Resource Certification - A Public Key Infrastructure for IP Addresses and AS's
Geoff Huston, George Michaelson
Asia Pacific Network Information Centre
DRAFT - November 2008
Abstract - X.509 Public Key certificates are typically used to validate attestations related to identity or role. The overwhelming number of large scale deployments seen in public networks serve this purpose. Here, we examine a different form of X.509 certificate that is used to describe IP address and AS number resources and bind them to a public/private key pair. These certificates are used to attest to resource allocation actions, so that digitally signed attestations relating to a party's right-of-use of IP addresses and AS numbers can be validated by relying parties, using a related Resource Certificate Public Key Infrastructure (RPKI). This has particular application in the area of demonstrable attestations related to the right-of-use of IP addresses, and in the area of inter-domain routing security. The issues related to the application of this RPKI to inter-domain routing security are considered, and the design, management and use of resource certificates, and the structure of the related Public Key Infrastructure are described in detail.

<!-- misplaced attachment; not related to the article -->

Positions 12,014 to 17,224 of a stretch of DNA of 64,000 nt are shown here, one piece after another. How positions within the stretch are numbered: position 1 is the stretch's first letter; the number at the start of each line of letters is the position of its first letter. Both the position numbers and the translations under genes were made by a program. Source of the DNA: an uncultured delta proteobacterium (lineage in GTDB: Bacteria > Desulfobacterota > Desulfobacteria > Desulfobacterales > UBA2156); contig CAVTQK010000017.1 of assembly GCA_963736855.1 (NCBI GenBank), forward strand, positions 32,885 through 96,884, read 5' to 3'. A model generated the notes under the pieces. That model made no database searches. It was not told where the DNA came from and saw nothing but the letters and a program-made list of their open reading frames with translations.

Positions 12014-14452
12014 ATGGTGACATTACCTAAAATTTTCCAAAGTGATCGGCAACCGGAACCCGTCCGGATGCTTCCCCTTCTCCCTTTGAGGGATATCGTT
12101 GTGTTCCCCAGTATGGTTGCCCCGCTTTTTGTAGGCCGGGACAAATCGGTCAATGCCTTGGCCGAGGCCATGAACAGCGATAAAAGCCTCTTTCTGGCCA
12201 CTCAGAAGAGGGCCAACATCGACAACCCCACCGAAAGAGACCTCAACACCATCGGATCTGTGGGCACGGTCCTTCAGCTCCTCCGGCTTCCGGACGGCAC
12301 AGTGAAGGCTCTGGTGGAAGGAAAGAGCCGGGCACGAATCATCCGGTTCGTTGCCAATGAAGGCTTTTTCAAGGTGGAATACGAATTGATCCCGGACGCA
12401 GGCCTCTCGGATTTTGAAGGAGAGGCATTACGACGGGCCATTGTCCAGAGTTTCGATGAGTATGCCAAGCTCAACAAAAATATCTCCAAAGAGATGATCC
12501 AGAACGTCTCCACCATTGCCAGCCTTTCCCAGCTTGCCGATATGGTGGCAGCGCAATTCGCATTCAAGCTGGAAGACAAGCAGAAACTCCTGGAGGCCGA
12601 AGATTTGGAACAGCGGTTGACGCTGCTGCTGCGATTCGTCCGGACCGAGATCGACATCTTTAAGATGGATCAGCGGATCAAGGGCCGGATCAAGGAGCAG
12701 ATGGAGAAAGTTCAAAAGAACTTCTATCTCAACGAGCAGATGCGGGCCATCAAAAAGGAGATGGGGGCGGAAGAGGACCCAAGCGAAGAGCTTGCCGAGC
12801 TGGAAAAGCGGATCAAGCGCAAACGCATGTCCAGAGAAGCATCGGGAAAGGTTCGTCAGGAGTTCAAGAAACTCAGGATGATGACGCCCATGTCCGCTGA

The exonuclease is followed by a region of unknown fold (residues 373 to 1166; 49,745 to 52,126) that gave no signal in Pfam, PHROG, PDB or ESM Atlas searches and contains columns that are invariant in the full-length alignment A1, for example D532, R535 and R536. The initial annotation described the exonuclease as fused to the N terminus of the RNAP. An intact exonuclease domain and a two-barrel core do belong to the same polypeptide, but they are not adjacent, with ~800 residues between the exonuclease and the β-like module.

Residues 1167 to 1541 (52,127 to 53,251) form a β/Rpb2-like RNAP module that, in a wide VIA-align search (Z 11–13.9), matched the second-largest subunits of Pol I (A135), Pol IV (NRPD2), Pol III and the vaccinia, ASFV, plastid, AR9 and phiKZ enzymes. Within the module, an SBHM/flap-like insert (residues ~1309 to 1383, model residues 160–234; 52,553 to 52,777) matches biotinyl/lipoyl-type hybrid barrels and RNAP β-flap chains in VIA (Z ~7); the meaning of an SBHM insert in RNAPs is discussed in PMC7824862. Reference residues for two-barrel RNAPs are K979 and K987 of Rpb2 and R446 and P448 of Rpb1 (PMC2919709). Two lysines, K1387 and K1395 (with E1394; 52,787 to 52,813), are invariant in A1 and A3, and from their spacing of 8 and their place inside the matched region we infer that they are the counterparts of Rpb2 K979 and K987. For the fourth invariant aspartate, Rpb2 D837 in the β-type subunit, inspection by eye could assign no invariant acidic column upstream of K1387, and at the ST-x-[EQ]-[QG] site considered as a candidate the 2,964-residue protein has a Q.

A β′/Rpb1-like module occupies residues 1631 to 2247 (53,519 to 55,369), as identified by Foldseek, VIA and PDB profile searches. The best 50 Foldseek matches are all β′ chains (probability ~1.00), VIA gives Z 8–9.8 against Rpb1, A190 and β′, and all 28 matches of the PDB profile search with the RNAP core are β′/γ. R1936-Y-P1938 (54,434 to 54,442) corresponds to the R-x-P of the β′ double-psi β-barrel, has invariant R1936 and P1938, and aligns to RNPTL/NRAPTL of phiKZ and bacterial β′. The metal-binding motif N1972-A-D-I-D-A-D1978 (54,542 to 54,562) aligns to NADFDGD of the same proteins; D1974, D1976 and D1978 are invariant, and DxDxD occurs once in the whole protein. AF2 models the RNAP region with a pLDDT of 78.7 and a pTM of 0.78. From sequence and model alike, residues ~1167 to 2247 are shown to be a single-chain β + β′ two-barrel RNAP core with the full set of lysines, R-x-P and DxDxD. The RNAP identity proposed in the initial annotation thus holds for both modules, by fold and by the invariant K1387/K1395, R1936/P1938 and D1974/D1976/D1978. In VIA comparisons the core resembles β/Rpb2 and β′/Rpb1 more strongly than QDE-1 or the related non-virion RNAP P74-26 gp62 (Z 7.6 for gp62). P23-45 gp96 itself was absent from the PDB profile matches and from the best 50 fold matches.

Index Terms – BGP security, Inter-domain routing security, X.509, Public Key Infrastructure
In November 2008 the Asia Pacific Network Information Centre (APNIC) announced the release of a public ‘resource certification service’ that makes use of X.509 public key certificates [X.509] to publish public key certificates and associated signed objects that uniquely associate a private key holder with a ‘right-of-use’ of a collection of IP number resources (IPv4 addresses, IPv6 addresses and Autonomous System (AS) Numbers). This APNIC activity forms part of a larger certificate infrastructure effort that is ultimately intended to provide certification for all in-use number resources in the public Internet. This report describes this Resource Public Key Infrastructure (RPKI) in more detail, looking at the various aspects of the design that lie behind the construction of this particular PKI.
Opinions vary as to what aspect of the Internet's infrastructure represents the greatest common vulnerability to the security and safety of Internet users, but it is generally regarded that the choice is one of the Domain Name System (DNS) or the inter-domain routing system.